To watch a character like Kabir Singh do this thing for nearly three hours plonks the viewer squarely in a place of conflict. Here’s a fellow who thinks that going through life yelling and shouting, snorting-and-drinking on the job, assuaging his raging libido with crass directness, basically being a sexist so-and-so, is an acceptable thing.
So why do we keep watching, even though so much of what Kabir does is so offensive, so problematic, and sets our teeth on edge? We do this because we are led to believe that he has something more to him. We hope to see that something more, the something that will let us see past the ugly walls he’s built for himself. The thing that makes us human.
Because that’s what Arjun Reddy, the protagonist of the 2017 Telugu film (of which Kabir Singh is a faithful copy) manages: it is a character study of a deeply flawed young man, but one who does, most importantly, have an arc. Arjun Reddy goes from point A to point B, and his journey is marked by a reluctant progression, where a self-obsessed man-child makes his painful way into a sort of adulthood.
Vijay Deverakonda’s playing of Arjun Reddy is fully switched on, and on-point. His single-minded conquest of a much-younger new student, the pretty Preethi, takes you to the questionable space of ‘putting a stamp of ownership’ on another, and we are taken aback by the complete submissiveness of the mouse-like girl in question.
Some of that may be put down to individual natures, and also to the established hierarchies of male-female, senior-junior in professional educational institutions, especially in such gendered spaces as medical colleges. But, and this is crucial, there is a surprising free-spiritedness to Arjun and Preethi’s romance which flourishes, in and out of bed, and which, for a Telugu movie, even in 2017, was quite jaw-dropping.
A lot of this has been lost in translation, and the Hindi version, with Shahid Kapoor in the lead, is the poorer for it. Kapoor’s physical resemblance to the Reddy character is startling, the same unkempt hair-and-beard, the same dark glasses, but it is not an internally realized performance. Kapoor managed that interiority in Jab We Met in which he was outstanding, and, in parts, in Kaminey. Deverakonda lets us in, and is not afraid of breaking the boys-don’t-cry myth (a scene in which he goes after another student with vicious kicks and bloody punches also shows us his wet-eyed heartbreak).
Here are some bare-bones details for those coming fresh into the Hindi remake. Dr Kabir Singh (Kapoor), an orthopaedic surgeon, has blood on his hands. And nothing on his conscience. We soon realize that he is a roaring, raving drunk. He makes no distinction in other things he abuses: they could be chemical, or people, especially those who love him, and more especially, the young woman who adores him. If there was a walking, talking example of a fully dislikeable human with self-destruction as a goal, that would be, yes, our hero.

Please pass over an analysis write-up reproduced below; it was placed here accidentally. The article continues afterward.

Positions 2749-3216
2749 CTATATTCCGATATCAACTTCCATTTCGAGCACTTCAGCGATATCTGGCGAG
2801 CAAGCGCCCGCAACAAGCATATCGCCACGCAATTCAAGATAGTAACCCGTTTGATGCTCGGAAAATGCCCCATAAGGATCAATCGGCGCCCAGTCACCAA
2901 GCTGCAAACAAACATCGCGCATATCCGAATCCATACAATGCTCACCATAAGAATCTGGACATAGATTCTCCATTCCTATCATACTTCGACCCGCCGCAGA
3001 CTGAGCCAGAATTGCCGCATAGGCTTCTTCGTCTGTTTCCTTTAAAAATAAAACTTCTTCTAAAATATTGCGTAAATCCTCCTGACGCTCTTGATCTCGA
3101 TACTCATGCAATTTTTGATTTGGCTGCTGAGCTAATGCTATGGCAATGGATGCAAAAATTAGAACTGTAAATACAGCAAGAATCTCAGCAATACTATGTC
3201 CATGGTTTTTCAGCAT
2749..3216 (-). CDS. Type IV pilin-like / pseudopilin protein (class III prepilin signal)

The list is long, and as the film slides into a flashback of when the protagonist was a senior student in a medical college where his exemplary academic record is held up at the same time as he faces down his ‘anger management issues’, the film threatens to become a endless paean to Kabir’s behavior.
His pursuit of Preeti (Advani) shows us even more violent, aggressive behaviour. But their coming together feels real, feels like two young people hot for each other doing something about it. There’s a credible physicality to their relationship which immediately lifts it above the bloodless, anodyne coupling that Bollywood usually manages to come up with. In these portions, both Kabir and Preeti display equal passion, which is a good thing, because everywhere else, that dynamic is skewed.
The director has said that he has made some changes in the Hindi version. I couldn’t spot too many, but the one I remember from the Telugu version is quite striking: a conversation between Arjun and his best pal about a third young man ‘objectfying women’. Which is rich, given that that’s all they—Arjun and his male pals– seem to do, but it’s also something that leads you into thinking about sexism and sexist behaviour in a nuanced way: can you amplify centuries of graven-in-stone sexist, misogynist behaviour by showing a character who is living breathing example of those qualities? Showing such a character change can be a marker for change, too.
And the setting is important too—the rules that govern public display of toxic masculinity, and what it is like to be a man– change if it’s a relatively provincial setting like in the original movie, or the Delhi-Mumbai ones of the Hindi version. Nothing about the latter rings true, though we keep getting the name of the two cities as reference.
Deverakonda’s undeniable charisma helps his Arjun get past rank bad behavior, but finally he gets to a point where he has to dial back. There’s a redemptive arc, and we are given that as a take-away, and the possibility of a turning-over-a-new-life, which is a great way to end a film.
Kapoor takes the movie and tries to run with it. But he has been a hero at the centre-stage for too long; his responses are too practiced, too familiar. He feels too old for this role, and his dissolution never feels as sharply realized as the one he managed so superbly in Udta Punjab – AGENCY.